Top five AdWords mistakes that webmasters make

AdWords

October 3, 2017

Google AdWords offers a wonderful opportunity for webmasters to “buy” new visitors to their website. It’s particularly useful for smaller businesses who may not have a big enough budget for a professional ad campaign and who can set up their own AdWords campaigns quickly and easily.

In principle, there is absolutely nothing wrong with setting up your own ads in a DIY style – it takes minutes to put together a new AdWords campaign. And yet users frequently end up finding that AdWords isn’t functioning as they had imagined and money is thrown down the drain.

This is usually not the fault of AdWords itself but rather the wrong set-up. Specialist AdWords agencies and advisors exist for a reason! So, when I analyse existing AdWords campaigns, I often identify the same mistakes over and over again. In this article, I run through the five most common errors.

1. No AdWords account structure

I notice time and time again that webmasters fail to set-up a logical structure in their AdWords account. This starts right at the beginning. Often, users select the “search network with display choice” option, which leads to the search and display networks getting mixed.

Instead, you should be looking to set up different settings and content for each network. What’s more, it’s difficult to carry out proper optimization since the target audience language for the search network is different to that in the display network. To achieve maximum success, set up a separate campaign for each network.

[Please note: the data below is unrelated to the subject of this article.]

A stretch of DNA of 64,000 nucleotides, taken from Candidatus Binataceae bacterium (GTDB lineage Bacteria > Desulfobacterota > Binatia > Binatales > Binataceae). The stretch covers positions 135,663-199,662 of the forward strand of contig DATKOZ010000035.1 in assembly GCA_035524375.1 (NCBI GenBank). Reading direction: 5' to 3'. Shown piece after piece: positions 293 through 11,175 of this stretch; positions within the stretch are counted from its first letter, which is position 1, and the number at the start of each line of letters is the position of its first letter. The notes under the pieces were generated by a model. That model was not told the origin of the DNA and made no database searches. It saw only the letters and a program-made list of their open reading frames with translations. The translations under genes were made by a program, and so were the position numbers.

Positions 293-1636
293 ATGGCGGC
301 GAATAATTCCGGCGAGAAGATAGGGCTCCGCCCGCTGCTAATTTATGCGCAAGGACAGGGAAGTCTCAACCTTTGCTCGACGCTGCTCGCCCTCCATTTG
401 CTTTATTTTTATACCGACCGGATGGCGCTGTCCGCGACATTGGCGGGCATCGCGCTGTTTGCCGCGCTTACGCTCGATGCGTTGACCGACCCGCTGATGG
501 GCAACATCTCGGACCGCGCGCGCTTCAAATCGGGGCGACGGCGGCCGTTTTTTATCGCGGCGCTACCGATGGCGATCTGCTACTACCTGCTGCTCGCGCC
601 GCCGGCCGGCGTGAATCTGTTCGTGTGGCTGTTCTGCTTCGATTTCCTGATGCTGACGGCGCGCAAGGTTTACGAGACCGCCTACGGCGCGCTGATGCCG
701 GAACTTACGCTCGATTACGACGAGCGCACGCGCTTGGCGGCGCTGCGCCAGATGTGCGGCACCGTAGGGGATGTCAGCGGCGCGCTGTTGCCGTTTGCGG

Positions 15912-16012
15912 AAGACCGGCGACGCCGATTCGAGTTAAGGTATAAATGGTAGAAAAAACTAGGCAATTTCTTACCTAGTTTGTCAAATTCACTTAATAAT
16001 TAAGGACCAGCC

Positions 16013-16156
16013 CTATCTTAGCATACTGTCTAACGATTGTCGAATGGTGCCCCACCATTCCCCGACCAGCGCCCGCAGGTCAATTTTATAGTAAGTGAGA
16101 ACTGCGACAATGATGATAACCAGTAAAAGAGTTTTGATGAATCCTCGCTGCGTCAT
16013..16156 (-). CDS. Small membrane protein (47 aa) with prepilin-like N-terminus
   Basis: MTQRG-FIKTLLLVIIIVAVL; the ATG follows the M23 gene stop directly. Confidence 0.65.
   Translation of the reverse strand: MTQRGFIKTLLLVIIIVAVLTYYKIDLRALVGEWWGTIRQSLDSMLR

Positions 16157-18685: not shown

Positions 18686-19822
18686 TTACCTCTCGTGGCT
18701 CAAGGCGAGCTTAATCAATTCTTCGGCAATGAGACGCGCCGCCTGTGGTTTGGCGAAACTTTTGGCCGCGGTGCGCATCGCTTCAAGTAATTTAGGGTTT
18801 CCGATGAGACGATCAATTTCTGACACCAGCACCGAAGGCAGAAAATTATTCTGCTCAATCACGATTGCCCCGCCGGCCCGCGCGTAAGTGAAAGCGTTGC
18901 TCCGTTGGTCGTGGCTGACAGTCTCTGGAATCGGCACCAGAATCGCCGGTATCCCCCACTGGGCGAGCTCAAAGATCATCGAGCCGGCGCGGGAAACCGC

Another common mistake when setting up campaigns is a failure to logically divide up the different ad groups. Frequently, a small number of groups contain a large number of different keywords for a range of different topics. Ads are generally placed per ad group, meaning that each keyword such match specific group ads as closely as possible. If not, quality and click-rate suffer and the click price increases.

Tip: To set up a logical structure in your AdWords account quickly, install Google’s free AdWords Editor.

2. Too common keywords and the wrong keyword option

Another popular mistake is the selection of keywords which are far too common. Linked to this is the mistake of selecting the “as suitable as possible” keyword option.
When choosing the search terms you want to advertise for, make sure you choose keywords with a clear purchase intention or which clearly indicate the solution to a problem. Basic, common keywords might receive a huge number of searches but they rarely generate new customers.

Example:

You own a local cycle shop in Brighton and are using the common keyword “bike.”
Your advert will therefore appear every time a search contains the word “bike.”

For example:

  • “Buy bike online“
  • “Bike hire Brighton”
  • “Bike transport”
  • “How to clean a bike”
  • “Learn to ride a bike”
  • “Buy bike Brighton”

Straight away, you can see that your ad will appear for a whole range of different searches but will rarely actually correspond to the user’s intention. Instead, always try to ensure that your targeted keywords and phrases are as precise as possible – ideally targeting visitors with a clear purchase intention.

The second mistake when choosing keywords is selecting the “as suitable as possible” option. This setting is generally applied to all keywords when you select no other option, and means that your ads will be displayed automatically whenever even half-relevant variations of your keywords are searched for. In other words, if Google thinks that your keyword is even vaguely related to a search query, your ad will be displayed – even for synonyms, similar (miss-) spellings and related words.

As a result, you end up with a high number of unqualified clicks, your ads won’t satisfy user intention and your cost-per-click will rise. Even on a basic level, your ad texts will have nothing to do with the searches, which is never a good sign.